August 26, 2006

Zero sum

Allen Kemp, former head of the group Citizens for Fair School Taxes, is back, I see, still portraying teachers' salaries and benefits as a zero-sum game. I saw him first do this in 1994 during a meeting about a major district's upcoming referendum, and I sure wasn't the only one giggling at his flawed logic. More on that in a sec.

In his News Journal op-ed today he writes:

The expenditure report for fiscal 2005 shows that in the four biggest districts in New Castle County, costs per student (excluding building alteration, construction and debt service) were: Brandywine, $12,226; Colonial, $11,128; Red Clay, $11,925; and Christina, $14,075.

One of the contributing factors to these high student costs are that the four districts pay for the supplemental medical benefits that other state employees pay themselves.

These benefits are dental, life insurance, disability insurance, prescription plans and vision care. The cost in fiscal 2005 out of local tax funds was $12.3 million. Why should they get benefits that not all taxpayers, state workers or school employees outside of New Castle County get?

Emphasis mine. Kemp is either deliberately leaving out a key distinction, or, remarkably, doesn't know ... and that's that the districts pay into the supplemental medical benefits for their teachers (and other employees). Employees have many choices from which to choose, and if they choose some of the "lesser" benefits, then the result may be that they do not pay any extra (have withholding taken from their paycheck). However, those many school employees that I am familiar with do not elect these minimums, and hence do pay some for their benefits.

Now Kemp's general overall point -- that districts tend to spend in the wrong places and need to clean up their act -- is a valid one. But like in 1994, he believes that the savings districts would garner by eliminating the offer of medical benefits would come without the obvious consequences. In 1994 he put up numerous transparencies on an overhead projector that "showed" how many more teachers districts could hire with the savings from eliminating benefits. What Kemp failed (fails) to realize -- is that you wouldn't be attracting teachers to these districts whatsoever (and current ones would be leaving) as they'd hightail it for [very] nearby Pennsylvania, New Jersey and Maryland districts where, even if their benefits packages may not have been as good as what the DE districts used to offer, the increase in salary would surely work to offset this.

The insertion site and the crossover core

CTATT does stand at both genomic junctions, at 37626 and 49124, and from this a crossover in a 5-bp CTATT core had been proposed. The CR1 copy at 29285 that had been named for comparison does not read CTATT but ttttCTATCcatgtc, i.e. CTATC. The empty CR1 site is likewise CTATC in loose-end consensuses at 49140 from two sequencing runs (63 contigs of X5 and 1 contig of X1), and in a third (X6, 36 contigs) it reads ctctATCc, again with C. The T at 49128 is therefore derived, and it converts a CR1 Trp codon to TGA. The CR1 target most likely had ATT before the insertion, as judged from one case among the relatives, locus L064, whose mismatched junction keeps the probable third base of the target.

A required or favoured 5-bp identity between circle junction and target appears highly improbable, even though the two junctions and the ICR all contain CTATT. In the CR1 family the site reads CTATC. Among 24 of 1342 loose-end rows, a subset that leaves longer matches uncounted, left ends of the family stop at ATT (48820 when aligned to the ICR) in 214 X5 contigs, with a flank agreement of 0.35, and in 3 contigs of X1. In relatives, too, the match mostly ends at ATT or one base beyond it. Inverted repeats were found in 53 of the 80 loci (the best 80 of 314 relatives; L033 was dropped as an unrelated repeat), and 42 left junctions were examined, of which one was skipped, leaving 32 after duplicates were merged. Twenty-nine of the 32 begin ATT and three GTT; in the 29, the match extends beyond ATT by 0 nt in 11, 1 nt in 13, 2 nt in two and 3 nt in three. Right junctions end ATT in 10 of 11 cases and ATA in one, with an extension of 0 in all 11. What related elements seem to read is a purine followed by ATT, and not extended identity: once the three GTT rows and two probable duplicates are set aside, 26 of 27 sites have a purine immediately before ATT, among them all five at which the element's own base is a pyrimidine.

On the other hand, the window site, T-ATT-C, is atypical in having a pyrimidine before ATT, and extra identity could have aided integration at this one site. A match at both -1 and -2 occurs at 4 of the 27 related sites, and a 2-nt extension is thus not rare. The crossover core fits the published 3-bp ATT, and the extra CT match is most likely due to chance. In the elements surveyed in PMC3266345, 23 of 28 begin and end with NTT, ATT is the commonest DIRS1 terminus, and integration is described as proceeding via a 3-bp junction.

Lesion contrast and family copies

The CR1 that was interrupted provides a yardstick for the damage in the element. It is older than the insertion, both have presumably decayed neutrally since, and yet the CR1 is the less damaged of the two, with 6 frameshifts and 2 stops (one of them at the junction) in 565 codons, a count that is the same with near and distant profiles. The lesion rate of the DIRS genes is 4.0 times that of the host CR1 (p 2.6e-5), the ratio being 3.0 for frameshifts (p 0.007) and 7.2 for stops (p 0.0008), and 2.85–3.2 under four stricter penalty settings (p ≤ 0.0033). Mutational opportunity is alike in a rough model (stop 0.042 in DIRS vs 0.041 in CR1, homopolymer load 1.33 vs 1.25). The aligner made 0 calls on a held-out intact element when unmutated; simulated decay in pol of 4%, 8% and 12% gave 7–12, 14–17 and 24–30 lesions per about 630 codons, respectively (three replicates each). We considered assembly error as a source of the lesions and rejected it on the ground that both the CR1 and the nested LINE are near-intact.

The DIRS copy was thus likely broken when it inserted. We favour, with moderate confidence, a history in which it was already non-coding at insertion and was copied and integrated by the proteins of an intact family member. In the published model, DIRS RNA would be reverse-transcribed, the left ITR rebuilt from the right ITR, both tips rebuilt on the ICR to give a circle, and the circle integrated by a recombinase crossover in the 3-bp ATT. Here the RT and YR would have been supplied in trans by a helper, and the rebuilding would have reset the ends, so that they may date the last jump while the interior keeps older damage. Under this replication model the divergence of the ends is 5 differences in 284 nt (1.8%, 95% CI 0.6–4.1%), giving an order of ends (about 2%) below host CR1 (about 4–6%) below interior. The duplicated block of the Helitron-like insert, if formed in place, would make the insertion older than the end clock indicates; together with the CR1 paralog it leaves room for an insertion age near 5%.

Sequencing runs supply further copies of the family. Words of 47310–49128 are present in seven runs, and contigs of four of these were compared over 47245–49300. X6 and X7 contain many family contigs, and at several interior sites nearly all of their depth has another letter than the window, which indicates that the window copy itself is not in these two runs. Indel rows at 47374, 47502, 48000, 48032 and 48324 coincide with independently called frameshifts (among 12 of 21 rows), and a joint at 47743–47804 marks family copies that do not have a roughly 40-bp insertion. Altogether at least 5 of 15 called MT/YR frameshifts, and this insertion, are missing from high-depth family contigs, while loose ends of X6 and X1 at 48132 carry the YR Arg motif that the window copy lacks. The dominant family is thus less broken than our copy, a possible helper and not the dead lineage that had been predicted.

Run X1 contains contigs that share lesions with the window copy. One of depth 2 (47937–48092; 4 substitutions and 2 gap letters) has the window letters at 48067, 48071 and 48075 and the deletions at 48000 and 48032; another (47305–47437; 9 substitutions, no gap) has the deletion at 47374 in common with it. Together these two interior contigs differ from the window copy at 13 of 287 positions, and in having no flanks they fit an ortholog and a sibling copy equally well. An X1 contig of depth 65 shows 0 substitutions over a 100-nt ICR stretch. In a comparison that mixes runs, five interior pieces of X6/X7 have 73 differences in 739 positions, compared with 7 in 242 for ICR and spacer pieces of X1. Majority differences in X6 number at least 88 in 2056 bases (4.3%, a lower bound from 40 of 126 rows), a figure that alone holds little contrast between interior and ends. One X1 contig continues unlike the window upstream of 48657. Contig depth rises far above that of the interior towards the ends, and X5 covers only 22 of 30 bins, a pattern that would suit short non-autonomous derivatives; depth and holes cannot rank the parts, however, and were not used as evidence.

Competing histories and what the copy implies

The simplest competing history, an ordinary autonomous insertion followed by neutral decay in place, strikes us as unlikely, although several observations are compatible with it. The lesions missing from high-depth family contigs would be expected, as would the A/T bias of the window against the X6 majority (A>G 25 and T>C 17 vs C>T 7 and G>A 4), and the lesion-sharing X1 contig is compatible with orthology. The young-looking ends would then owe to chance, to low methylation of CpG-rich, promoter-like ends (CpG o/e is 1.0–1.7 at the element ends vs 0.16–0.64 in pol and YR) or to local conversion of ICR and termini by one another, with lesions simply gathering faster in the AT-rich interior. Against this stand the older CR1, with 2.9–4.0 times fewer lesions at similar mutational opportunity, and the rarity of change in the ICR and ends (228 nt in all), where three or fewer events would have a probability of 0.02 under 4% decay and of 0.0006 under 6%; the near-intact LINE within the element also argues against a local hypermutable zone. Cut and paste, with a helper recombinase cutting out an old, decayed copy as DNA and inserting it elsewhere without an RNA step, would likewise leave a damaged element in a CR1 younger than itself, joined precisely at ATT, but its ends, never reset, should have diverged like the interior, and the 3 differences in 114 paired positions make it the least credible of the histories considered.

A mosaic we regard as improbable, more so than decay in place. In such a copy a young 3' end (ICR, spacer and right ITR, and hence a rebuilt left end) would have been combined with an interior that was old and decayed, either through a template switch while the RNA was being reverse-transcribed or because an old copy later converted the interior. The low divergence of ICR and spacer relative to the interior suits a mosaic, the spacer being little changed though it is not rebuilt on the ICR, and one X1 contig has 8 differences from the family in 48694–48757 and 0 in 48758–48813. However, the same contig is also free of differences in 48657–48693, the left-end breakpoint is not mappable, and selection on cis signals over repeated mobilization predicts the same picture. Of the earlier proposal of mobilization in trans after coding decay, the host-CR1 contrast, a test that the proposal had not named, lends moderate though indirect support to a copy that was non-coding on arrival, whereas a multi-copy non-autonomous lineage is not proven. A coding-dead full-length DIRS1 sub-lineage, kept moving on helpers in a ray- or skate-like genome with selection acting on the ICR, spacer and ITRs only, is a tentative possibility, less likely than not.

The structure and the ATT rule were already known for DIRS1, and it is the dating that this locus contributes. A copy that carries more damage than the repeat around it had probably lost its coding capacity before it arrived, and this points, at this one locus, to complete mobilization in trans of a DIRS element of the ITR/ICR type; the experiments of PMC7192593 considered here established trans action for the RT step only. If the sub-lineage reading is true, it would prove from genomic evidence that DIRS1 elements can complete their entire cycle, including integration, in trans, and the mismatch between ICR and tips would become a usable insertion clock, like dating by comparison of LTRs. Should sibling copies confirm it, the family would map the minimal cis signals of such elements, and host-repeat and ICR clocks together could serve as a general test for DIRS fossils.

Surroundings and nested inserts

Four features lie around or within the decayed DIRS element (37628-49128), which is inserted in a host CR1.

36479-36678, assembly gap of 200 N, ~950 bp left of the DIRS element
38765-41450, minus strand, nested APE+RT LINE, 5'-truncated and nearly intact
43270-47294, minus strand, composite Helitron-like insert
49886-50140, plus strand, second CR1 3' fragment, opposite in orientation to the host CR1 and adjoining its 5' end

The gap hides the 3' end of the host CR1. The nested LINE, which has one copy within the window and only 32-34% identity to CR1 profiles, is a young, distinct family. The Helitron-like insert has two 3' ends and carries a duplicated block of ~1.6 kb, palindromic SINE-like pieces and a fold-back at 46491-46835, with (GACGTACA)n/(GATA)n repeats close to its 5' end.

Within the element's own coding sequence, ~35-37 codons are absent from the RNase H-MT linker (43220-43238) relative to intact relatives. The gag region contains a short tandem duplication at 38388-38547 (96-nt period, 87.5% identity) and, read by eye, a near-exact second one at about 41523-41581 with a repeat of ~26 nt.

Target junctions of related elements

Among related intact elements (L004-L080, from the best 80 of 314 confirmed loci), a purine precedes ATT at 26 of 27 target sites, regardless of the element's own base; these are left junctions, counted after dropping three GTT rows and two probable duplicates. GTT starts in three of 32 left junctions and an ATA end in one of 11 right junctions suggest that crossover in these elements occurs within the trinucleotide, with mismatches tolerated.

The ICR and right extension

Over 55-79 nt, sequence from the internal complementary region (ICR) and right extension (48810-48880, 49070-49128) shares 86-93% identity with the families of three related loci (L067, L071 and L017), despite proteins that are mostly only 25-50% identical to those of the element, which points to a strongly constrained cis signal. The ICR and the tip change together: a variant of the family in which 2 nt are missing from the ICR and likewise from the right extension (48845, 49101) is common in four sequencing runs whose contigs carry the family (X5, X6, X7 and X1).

Posted by Hube at August 26, 2006 08:41 AM | TrackBack

Comments  (We reserve the right to edit and/or delete any comments. If your comment is blocked or won't post, e-mail us and we'll post it for you.)

On the other hand, Texas law says that teachers are to get health insurance comparable to state employees. Somehow it works out like this.

They pay nothing for their insurance, but we pay through the nose for ours.

Their families are subsidized, but ours are not.

And it is up to each district to define "comparable" -- although there is a state program they can participate in that is inferior to what state employees get.

But we are allegedly putting education first down here in Texas!

Posted by: Rhymes With Right at August 26, 2006 11:40 AM

Getting rid of benefits is the first step in outsourcing all NCC school district jobs to India.

Teachers make $3.00 a week in Bombay. It just makes good economic sense.

Posted by: jason at August 26, 2006 07:06 PM

On the other hand I'm 5'8" so I might be wrong.

Posted by: jason at August 26, 2006 07:08 PM

At 5'9", I guess that means i'm smarter than you are, Jason.

Posted by: Rhymes With Right at August 27, 2006 02:17 PM